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26 Aug 20

Project Update: Addressing Malnutrition in Mugu

Since March 2018, PHASE has been delivering a DFID funded project in Mugu aiming to address the underlying causes of malnutrition in the region. Rates of acute malnutrition are particularly high amongst children under five – a crucial time in a child’s health and development. Our approach seeks to achieve positive health outcomes through education and training in both nutrition and farming practices, which will bring sustainable and long-lasting benefits to the communities we are supporting through this project.

The project has now passed the final-year first-quarter milestone, giving us an opportunity to report on some of the successes and progress that has been made. In the last quarter, we have expanded the number of direct beneficiaries involved in the project to 1024 people, far surpassing our initial target of 800 people. Those enrolled on the project have participated in various activities and workshops across different aspects of nutrition and agriculture, such as mushroom farming, vegetable nursery management and transportation, and manure management. We have also provided attendees with seeds and necessary equipment, along with training on how to best use these tools.

Every person that is directly involved in a training and/or educational workshop is equipped with the knowledge and skills to peer mentor other household members as well as people in their community on the importance of healthy eating and growing certain types of foods. This means that there will be a wider number of people benefiting from the project outside of those directly involved. This approach is empowering and equips people with the skills to live nutrient-rich lifestyles long after the project comes to an end.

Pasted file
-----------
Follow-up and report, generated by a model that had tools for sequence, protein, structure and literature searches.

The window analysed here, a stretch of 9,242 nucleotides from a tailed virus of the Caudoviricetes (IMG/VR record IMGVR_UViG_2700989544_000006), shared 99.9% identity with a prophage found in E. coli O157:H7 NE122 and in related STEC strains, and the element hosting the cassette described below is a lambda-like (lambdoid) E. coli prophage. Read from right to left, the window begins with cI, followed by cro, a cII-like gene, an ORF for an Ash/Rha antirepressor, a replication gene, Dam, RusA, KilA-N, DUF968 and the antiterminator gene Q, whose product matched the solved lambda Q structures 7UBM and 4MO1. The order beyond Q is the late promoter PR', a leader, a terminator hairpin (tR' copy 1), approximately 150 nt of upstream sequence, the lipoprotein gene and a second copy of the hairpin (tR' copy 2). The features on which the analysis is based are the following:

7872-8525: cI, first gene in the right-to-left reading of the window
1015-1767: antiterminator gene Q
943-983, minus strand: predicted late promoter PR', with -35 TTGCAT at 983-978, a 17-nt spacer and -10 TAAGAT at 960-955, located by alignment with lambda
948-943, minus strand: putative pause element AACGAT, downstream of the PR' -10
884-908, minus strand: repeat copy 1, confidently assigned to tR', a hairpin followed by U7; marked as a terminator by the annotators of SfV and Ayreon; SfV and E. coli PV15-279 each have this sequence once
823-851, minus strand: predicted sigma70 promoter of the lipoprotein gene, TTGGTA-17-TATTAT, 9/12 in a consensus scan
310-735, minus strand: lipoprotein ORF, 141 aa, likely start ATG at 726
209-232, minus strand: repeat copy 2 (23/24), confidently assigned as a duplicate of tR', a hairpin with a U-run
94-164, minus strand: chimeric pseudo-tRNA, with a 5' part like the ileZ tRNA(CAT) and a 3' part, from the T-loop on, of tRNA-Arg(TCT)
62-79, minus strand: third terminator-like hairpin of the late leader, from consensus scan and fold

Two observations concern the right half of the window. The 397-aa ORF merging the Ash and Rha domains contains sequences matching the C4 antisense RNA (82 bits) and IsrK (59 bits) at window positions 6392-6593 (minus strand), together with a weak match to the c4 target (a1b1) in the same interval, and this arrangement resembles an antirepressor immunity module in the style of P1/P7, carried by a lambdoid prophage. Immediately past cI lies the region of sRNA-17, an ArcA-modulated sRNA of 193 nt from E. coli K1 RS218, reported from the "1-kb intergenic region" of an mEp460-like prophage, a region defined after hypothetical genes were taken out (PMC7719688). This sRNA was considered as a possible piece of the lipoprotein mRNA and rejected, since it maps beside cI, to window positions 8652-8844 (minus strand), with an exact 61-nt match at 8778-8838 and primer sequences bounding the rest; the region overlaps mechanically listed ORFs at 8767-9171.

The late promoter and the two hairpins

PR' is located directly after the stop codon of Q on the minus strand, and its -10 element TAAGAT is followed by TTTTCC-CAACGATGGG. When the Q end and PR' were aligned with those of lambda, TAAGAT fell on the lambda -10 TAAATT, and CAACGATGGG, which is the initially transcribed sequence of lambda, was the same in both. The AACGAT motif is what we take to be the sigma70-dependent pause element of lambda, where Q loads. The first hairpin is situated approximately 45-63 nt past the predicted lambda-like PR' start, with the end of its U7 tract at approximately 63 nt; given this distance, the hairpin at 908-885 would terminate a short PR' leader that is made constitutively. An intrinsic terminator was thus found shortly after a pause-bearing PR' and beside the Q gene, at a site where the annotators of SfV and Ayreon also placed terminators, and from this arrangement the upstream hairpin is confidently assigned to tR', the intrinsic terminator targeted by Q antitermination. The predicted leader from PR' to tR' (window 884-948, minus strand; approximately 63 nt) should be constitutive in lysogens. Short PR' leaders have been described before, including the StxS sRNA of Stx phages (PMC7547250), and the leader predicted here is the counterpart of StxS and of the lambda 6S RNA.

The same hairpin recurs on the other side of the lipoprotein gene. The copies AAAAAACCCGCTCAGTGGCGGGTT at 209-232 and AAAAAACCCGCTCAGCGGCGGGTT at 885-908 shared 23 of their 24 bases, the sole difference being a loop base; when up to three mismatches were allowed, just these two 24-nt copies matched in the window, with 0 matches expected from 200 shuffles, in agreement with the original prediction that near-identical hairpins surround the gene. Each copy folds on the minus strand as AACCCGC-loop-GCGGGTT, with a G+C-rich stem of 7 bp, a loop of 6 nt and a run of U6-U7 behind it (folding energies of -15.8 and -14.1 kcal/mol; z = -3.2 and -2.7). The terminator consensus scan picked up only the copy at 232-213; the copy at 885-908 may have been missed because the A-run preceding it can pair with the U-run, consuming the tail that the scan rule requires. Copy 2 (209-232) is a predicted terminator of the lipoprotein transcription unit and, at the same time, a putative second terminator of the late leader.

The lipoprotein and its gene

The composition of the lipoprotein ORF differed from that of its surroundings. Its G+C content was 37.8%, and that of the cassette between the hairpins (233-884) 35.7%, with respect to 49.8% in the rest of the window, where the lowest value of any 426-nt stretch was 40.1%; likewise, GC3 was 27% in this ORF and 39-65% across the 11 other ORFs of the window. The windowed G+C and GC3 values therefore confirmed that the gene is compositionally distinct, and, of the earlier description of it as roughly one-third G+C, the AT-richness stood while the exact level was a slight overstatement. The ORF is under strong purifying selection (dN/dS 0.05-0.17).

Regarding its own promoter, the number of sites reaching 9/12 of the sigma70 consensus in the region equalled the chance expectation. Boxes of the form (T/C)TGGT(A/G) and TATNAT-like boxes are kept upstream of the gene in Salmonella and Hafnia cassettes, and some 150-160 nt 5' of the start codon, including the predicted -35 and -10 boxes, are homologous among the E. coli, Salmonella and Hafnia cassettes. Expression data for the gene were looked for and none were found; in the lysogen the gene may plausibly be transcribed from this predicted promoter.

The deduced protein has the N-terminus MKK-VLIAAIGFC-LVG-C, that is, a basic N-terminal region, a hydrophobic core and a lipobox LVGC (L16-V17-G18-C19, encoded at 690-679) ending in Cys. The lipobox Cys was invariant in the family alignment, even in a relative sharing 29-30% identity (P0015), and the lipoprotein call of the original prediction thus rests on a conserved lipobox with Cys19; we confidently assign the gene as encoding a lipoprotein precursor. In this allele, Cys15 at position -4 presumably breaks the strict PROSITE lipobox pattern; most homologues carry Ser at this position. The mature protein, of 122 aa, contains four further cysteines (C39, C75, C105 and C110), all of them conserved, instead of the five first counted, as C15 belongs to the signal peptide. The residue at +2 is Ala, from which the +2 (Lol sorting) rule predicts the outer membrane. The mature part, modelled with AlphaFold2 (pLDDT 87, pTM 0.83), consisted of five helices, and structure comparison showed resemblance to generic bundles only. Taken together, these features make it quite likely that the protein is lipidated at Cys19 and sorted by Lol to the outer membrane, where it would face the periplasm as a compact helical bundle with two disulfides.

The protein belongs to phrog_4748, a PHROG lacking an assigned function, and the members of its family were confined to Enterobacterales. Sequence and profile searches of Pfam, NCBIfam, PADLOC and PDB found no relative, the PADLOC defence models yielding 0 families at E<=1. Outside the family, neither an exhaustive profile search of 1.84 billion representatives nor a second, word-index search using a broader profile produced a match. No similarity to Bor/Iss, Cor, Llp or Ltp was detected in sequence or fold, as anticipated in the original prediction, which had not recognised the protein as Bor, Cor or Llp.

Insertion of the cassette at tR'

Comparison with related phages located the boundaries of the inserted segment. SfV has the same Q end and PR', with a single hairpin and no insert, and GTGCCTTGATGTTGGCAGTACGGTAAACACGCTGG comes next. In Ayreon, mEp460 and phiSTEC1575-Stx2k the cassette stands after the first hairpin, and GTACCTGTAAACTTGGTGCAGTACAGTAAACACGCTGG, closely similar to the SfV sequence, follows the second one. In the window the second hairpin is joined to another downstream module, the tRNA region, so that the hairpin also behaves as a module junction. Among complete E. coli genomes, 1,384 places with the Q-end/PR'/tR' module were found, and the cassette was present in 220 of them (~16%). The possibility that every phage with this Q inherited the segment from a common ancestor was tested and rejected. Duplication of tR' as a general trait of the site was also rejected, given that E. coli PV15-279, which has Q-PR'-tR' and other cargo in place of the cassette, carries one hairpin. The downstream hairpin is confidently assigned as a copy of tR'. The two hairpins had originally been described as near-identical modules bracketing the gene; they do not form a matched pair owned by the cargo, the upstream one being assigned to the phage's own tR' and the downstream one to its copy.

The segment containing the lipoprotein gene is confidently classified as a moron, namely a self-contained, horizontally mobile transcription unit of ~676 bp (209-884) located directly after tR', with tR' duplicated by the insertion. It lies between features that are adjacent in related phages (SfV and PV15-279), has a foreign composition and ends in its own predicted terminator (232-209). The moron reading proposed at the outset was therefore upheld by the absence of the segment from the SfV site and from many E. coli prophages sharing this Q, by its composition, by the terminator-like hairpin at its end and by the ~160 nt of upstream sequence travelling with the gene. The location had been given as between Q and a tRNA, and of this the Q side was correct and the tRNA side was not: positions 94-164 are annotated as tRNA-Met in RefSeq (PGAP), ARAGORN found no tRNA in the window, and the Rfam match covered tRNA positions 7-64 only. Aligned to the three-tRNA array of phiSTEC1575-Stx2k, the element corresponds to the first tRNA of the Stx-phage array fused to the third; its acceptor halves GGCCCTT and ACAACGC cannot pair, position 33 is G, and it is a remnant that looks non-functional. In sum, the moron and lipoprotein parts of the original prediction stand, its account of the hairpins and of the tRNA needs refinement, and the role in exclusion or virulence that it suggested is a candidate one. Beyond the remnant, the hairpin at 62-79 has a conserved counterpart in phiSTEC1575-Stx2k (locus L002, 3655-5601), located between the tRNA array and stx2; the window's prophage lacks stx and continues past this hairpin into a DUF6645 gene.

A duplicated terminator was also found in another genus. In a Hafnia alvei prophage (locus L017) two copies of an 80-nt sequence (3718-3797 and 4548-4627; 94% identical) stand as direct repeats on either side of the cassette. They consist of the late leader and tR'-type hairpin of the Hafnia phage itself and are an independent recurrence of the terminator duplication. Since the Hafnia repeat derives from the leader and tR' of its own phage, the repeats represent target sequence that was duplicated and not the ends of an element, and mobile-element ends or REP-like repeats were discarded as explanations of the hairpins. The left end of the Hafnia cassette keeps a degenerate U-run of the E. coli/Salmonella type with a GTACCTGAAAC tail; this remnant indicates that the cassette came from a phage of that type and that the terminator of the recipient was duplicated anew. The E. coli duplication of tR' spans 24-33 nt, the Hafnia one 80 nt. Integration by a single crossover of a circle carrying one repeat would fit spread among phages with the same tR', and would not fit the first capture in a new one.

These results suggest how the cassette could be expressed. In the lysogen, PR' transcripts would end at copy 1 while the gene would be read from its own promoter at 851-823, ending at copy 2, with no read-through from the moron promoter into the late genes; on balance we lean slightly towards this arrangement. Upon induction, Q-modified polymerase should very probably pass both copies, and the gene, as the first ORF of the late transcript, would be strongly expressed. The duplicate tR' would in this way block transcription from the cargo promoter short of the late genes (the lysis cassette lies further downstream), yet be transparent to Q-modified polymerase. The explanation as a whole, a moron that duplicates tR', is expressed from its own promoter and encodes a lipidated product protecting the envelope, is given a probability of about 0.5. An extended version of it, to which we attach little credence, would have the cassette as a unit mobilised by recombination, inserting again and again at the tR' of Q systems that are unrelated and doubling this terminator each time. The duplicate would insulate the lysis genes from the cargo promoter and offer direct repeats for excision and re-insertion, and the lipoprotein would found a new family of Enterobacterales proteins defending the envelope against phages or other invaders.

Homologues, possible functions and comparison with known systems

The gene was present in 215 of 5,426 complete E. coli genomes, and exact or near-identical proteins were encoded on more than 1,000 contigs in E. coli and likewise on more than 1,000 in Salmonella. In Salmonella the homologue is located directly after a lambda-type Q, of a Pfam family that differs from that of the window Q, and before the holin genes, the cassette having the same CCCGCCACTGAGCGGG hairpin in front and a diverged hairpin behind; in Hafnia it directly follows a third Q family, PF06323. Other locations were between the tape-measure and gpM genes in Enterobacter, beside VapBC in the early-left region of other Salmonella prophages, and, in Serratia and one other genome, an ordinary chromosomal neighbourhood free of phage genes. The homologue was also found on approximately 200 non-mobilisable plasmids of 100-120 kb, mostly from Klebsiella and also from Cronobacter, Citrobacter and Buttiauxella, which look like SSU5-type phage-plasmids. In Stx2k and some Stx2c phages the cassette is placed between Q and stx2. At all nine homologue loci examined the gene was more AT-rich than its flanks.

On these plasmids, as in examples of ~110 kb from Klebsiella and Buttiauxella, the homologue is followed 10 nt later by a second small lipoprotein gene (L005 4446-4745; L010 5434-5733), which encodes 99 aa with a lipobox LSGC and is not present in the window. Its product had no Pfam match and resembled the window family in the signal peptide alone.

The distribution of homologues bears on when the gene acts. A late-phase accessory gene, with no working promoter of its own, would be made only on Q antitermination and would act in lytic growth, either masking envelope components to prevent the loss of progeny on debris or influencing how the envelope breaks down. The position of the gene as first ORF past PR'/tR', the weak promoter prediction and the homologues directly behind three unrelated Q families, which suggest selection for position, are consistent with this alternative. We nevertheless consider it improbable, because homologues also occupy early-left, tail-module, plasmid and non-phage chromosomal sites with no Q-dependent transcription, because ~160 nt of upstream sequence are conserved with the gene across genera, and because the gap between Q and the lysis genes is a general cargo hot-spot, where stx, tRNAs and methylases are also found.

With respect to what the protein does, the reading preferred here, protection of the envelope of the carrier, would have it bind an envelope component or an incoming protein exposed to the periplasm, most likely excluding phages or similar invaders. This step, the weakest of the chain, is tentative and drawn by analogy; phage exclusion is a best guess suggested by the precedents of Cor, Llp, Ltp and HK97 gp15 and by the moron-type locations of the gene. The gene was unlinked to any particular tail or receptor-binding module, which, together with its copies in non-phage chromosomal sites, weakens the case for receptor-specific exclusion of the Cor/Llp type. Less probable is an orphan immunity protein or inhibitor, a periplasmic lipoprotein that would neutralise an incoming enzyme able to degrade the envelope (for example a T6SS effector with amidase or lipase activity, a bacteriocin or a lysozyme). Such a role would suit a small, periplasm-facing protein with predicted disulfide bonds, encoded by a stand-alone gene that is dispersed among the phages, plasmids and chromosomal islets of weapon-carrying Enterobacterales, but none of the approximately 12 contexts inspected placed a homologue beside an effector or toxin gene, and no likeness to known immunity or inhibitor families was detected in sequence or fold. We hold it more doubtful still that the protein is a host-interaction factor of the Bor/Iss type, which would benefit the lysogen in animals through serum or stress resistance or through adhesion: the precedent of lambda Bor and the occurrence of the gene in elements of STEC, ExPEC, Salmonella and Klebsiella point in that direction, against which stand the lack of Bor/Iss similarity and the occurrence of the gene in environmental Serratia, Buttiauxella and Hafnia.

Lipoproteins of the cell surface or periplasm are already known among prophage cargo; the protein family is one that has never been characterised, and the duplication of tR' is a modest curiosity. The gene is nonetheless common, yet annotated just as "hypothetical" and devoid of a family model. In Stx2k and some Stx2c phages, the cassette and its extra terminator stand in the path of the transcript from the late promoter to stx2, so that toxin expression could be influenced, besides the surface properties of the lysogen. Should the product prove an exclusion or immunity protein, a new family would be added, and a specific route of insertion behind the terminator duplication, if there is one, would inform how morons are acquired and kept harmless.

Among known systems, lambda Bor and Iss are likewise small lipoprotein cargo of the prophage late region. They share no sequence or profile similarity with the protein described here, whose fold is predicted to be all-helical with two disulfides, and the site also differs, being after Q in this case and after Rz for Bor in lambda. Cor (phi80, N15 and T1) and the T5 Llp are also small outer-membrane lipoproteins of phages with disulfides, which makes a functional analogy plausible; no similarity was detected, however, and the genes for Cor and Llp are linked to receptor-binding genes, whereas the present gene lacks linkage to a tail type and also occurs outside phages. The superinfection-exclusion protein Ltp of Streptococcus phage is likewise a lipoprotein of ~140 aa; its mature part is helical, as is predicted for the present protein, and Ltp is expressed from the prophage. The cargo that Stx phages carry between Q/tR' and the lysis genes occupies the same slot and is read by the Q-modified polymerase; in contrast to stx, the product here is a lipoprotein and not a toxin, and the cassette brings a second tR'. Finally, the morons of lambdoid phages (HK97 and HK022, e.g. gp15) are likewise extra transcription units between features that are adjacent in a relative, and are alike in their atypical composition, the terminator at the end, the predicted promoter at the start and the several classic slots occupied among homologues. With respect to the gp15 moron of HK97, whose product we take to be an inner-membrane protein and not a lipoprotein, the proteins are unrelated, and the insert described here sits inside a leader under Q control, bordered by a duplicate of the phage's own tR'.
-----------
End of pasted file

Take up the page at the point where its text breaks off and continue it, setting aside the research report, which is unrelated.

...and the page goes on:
During the last quarter, we have had to adapt the way we are delivering this project due to Covid-19 and to make sure we can guarantee the safety of both those involved in the project and PHASE staff. We have reduced the size of training sessions so that they are now only conducted in small groups where social distancing protocols are met. Follow up sessions will also take place on a one-to-one basis. Home visits have been organised for pregnant and post-natal women to ensure those who are particularly vulnerable remain included in this project.

PHASE staff have also been supplied with PPE equipment to ensure that they are safe in maintaining project activities. We are closely monitoring the Covid situation in Nepal and remain confident that the project in Mugu will be seen through to completion in a safe manner, but we will take further measures if conditions begin to worsen.


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